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Increased Health IT Clinician Burden Calls for Greater Interoperability

Survey results exhibit that while COVID-19 spurred increased health IT adoption, further interoperability is needed to mitigate clinician burden.

While almost half of pharmacists and two-thirds of prescribers reported an increase in health IT use over the past 18 months, further interoperability efforts are needed to address clinician burden, according to new Surescripts survey results.

Surescripts partnered with PSB Insights to administer the survey to 520 pharmacists, 200 prescribers, and 300 patients in June and July of 2021.

The survey results revealed that the majority of pharmacists and many prescribers believe the responsibilities of providers—including nurses, physician assistants, physicians, specialists, and non-clinical professionals—have grown since the onset of COVID-19.

Additionally, more than half of pharmacists reported increased patient questions in the past 18 months, and only 1 in 5 pharmacists felt very prepared to handle the new demands of their role.

“These changes put continued pressure on the healthcare system and reinforce the need to address ongoing challenges related to interoperability, prescription costs, and provider burnout,” Tom Skelton, chief executive officer of Surescripts, said in a public statement.

“The critical next step in the industry is overcoming the barriers to team-based care, including the need for increased information sharing, replacing outdated technology, and the human factor in how care teams communicate,” Skelton continued.

The survey found that nearly all pharmacists (99 percent) and prescribers (91 percent) expect the future of care delivery to follow a team-based care model, which hinges on care coordination and communication between care team members.

Most prescriber-pharmacist communication still happens by phone or fax; prescribers communicate by phone or fax 50 percent of the time and pharmacists communicate through these technologies 58 percent of the time.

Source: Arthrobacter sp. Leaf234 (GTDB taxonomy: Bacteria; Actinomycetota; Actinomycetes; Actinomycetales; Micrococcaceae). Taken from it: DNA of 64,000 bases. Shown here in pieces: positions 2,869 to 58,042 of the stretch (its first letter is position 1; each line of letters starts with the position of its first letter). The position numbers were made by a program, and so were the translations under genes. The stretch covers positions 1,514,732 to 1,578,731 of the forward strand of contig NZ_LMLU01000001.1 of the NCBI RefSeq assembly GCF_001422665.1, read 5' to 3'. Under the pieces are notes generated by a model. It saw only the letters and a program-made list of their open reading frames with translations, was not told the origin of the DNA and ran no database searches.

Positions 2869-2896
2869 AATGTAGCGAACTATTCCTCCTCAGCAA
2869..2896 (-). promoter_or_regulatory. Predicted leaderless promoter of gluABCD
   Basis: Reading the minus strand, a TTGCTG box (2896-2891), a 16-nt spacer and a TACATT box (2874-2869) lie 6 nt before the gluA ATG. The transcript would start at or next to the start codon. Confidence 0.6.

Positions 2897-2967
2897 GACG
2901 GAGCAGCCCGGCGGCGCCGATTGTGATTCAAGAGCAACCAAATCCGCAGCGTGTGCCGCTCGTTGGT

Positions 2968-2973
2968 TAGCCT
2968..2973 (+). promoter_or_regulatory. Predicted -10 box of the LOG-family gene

The research also revealed that during an average work week, a pharmacist spends as much time communicating with prescribers and insurers (five hours) as consulting with patients.

The typical pharmacist has questions for a prescribing doctor for 22 percent of prescriptions. Prescribers reported that 35 percent of the questions they receive from pharmacists are about prior authorization and lower-cost alternatives. 

The survey found that most pharmacists (57 percent) reported an increase in prior authorization requirements in the past 18 months, and 1 in 4pharmacists still use fax to process them.

Prior authorization requirements add to pharmacist and clinician burden. More than half of prescribers and pharmacists described following up on prior authorizations as “very frustrating.” Prior authorization follow-up takes a prescriber an average of three hours per week.

“It’s essential that we empower prescribers and pharmacists so they can endure in this moment and prepare for the next major health crisis,” said Andrew Mellin, MD, vice president and chief medical information officer of Surescripts.

“While challenges still exist, we have the technology they need to access actionable patient intelligence when and where it’s needed most, so they spend less time on administrative tasks and focus on what matters—their patients,” Mellin continued.

Electronic prior authorization (ePA) aims to speed up the prior authorization process by documenting digitally instead of via phone or fax. ePA solutions can be integrated into EHR systems to help providers easily request prior authorization within their clinical workflows.

To better understand how electronic prior authorization might impact patients and providers, America’s Health Insurance Plans (AHIP) launched the Fast Prior Authorization Technology Highway (Fast PATH) initiative in early 2020.

Six payers participated in the project, which ran for approximately 12 months. Availity and Surescripts served as the program’s health IT partners.

After implementing the ePA interoperability solution, the total number of prior authorizations jumped by 34 percent. A third of these transactions took two hours or less, compared to before, when 24 percent of prior authorizations took two days or longer to fulfill.

Sixty-two percent of prior authorizations were electronic after the health IT solution was implemented, and traditional prior authorizations were cut nearly in half.

Most providers who used ePA had positive feedback. Six in ten providers who used prior authorization regularly said that ePA made it easier to know whether they needed to request prior authorization.

Among less experienced providers, the results were milder. Less than half (47 percent) said that it was easier to understand if prior authorization was required with ePA, while 43 percent said they did not observe a difference.

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